Naturally, you are not going to post a picture of yourself depressed, in the hospital, or looking your worst. You want to look good on social media, and it is human nature to try to impress. Yet, all the impressive pictures and status updates work against you in an injury case.

You might be smiling through the pain at a friend’s backyard BBQ or trying to hide your depression at your child’s soccer game. The defense will use that smile to state that your injuries, pain, and suffering are not what you want the jury to believe.

There Is No Expectation of Privacy

You might think that your social media account is private and therefore, should not be used against you. When you post something online, you do not have a reasonable expectation of privacy. Thus, the defense has the right to seek out your profile and use what they find against you.

Also, there is a presumption that if you set your profile to “private” that means no one can use that information. The courts have rejected this argument numerous times because you are still sharing content with other people – even if your friend’s list has five individuals. The courts stand firm that there is no reasonable expectation of privacy when you share online, period.

How You Can Protect Yourself and the Integrity of Your Case

The specifics of your case should never be on social media for any reason. The only party you should openly discuss your situation with is your attorney. If you can, you should refrain from posting entirely and keep your status private.

If you do want to continue using social media, you must be cautious about what you post and think of everything from the defense’s standpoint. How could it be twisted against you? Some things to never post on social media:

  • Information or conversations you have had with your attorney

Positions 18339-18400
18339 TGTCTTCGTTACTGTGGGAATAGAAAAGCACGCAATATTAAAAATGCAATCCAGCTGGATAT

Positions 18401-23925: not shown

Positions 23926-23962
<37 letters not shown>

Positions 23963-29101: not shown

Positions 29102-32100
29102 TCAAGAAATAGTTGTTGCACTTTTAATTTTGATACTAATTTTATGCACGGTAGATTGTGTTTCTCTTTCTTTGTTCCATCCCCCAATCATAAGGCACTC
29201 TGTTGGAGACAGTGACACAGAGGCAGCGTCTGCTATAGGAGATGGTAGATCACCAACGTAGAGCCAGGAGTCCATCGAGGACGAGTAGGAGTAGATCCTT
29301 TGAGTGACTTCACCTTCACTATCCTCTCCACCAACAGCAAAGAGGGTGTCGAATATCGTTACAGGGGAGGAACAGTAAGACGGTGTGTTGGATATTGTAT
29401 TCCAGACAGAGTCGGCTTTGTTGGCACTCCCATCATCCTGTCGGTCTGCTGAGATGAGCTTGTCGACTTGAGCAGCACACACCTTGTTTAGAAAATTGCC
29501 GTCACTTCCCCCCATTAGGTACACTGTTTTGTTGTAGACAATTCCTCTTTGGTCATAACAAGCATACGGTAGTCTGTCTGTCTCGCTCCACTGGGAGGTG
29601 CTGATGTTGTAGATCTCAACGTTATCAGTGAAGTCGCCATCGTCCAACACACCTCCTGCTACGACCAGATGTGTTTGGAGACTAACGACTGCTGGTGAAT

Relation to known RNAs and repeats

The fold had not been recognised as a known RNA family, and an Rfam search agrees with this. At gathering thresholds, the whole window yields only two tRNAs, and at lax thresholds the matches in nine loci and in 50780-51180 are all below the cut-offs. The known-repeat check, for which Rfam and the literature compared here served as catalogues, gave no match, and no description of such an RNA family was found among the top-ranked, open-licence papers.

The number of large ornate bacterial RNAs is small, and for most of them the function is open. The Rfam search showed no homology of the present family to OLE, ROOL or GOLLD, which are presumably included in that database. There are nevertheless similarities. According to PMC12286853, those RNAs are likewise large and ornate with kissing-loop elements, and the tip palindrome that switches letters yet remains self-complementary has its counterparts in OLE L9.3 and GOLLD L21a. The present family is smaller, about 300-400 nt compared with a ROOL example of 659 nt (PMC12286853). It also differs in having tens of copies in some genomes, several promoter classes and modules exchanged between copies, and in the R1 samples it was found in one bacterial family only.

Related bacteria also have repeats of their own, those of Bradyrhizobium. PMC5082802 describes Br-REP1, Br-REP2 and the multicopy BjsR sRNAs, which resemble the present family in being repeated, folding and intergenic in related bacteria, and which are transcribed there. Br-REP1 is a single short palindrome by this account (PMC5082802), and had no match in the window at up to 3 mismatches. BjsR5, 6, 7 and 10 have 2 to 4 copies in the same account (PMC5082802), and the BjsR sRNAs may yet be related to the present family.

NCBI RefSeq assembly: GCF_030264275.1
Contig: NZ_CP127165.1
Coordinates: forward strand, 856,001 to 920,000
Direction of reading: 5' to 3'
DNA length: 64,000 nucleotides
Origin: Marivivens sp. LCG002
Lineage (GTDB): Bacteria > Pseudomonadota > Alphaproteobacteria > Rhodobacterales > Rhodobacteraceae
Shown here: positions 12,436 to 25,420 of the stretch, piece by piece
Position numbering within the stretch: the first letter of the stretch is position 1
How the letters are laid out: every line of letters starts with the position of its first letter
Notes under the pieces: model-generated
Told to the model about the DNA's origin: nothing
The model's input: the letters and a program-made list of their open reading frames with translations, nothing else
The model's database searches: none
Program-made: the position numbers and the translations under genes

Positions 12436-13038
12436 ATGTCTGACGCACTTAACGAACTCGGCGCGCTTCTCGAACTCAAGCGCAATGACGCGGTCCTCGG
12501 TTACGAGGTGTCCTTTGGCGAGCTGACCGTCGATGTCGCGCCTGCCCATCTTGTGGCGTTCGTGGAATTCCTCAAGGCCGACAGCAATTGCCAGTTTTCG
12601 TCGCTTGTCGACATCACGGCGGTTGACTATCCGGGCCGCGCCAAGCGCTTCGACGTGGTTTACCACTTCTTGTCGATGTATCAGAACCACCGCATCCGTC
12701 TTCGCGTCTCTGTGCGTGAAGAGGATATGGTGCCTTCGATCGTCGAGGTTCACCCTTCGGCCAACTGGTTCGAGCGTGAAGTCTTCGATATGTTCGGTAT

• Details about treatments or your prognosis

  • Any details of phone calls you have had regarding the case, discussions with insurance companies, and your feelings about the insurance company

  • Frustration with the case or how the case is progressing

Limit the posts and photos you use entirely. Do not let friends or family tag you in posts or pictures either, including old photos. There have been instances where old images are brought up in court because a person was tagged in them.

Avoid accepting any new friend requests while you are in the middle of your case. Sometimes defense attorneys will hire investigators to create fake profiles so that they can access your private social media account.

Injured in an Accident? Contact an Attorney

It is always best to consult with an attorney after a slip and fall accident. Insurance companies and attorneys highly contest slip and fall cases. Therefore, you may find your social media status updates play a more important role in the case than expected.

To protect yourself, hire an injury advocate. Schedule a consultation today with the Law Offices of Law Offices of David M. Benenfeld P.A You can schedule your no-obligation meeting at 954-677-0155 or request more information online.